Laura's Reviews > The Poisoner's Handbook: Murder and the Birth of Forensic Medicine in Jazz Age New York

The Poisoner's Handbook by Deborah Blum
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's review
Dec 30, 11

Read in December, 2011

You don't need a degree in chemistry to enjoy this book, but it might help (as it did in my case!)

This is a fascinating look at the first Medical Examiner and first Forensic Toxicologist for NYC, and the many cases of poisoning, both homicidal and unintentional, that they investigated together. I have to say, I particularly enjoyed the descriptions of the physical laboratory at Bellevue itself, and the sounds and smells of the chemistry lab in all their glory. The unexpected addition of the interwoven trials and tribulations of Charles Norris as the first ME for the city was an interesting bonus, and a valuable historical perspective. The descriptions of the poisoning symptoms, and the mechanism of action of the poisons, was accurate, and listening as a well-informed specialist in the area, I found only minor faults and oversights which did not hamper my enjoyment of this book.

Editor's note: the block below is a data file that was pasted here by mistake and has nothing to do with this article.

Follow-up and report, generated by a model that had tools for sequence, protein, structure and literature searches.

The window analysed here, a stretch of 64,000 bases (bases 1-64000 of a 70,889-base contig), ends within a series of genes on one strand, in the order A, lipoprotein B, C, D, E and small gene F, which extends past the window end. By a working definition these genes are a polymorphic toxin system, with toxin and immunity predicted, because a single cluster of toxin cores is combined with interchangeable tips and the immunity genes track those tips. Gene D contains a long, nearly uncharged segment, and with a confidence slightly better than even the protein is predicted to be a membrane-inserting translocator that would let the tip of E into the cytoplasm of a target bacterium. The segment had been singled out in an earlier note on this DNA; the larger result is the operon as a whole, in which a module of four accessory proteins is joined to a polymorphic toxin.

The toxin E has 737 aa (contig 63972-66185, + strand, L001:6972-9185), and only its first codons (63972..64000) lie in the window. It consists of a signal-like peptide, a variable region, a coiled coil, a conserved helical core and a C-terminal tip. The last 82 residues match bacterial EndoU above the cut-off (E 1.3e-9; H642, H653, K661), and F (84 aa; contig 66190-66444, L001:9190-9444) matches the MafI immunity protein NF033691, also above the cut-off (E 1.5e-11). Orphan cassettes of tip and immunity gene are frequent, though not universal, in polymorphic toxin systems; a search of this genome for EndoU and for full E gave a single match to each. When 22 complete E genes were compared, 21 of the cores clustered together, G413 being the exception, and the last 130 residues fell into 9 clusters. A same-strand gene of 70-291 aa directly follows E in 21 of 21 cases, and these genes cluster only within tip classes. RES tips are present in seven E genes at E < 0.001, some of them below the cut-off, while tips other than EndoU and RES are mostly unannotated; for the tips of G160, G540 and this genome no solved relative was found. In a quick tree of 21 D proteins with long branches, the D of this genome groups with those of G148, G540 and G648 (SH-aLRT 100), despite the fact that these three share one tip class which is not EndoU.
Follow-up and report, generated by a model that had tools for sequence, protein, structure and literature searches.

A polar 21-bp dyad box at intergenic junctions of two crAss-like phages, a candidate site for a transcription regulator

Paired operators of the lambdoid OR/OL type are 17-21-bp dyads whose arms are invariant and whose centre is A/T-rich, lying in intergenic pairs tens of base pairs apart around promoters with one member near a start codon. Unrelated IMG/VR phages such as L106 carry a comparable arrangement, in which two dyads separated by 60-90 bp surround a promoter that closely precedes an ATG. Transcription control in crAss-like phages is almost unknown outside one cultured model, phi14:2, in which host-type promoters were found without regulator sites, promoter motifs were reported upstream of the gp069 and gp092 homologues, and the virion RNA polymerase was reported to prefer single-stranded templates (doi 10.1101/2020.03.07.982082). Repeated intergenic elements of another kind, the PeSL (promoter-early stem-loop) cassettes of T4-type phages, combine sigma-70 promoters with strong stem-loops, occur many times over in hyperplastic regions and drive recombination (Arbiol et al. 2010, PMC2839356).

Highly recommend to the science-minded, intellectually curious, and anyone who has ever enjoyed the sound of lighting a Bunsen burner.

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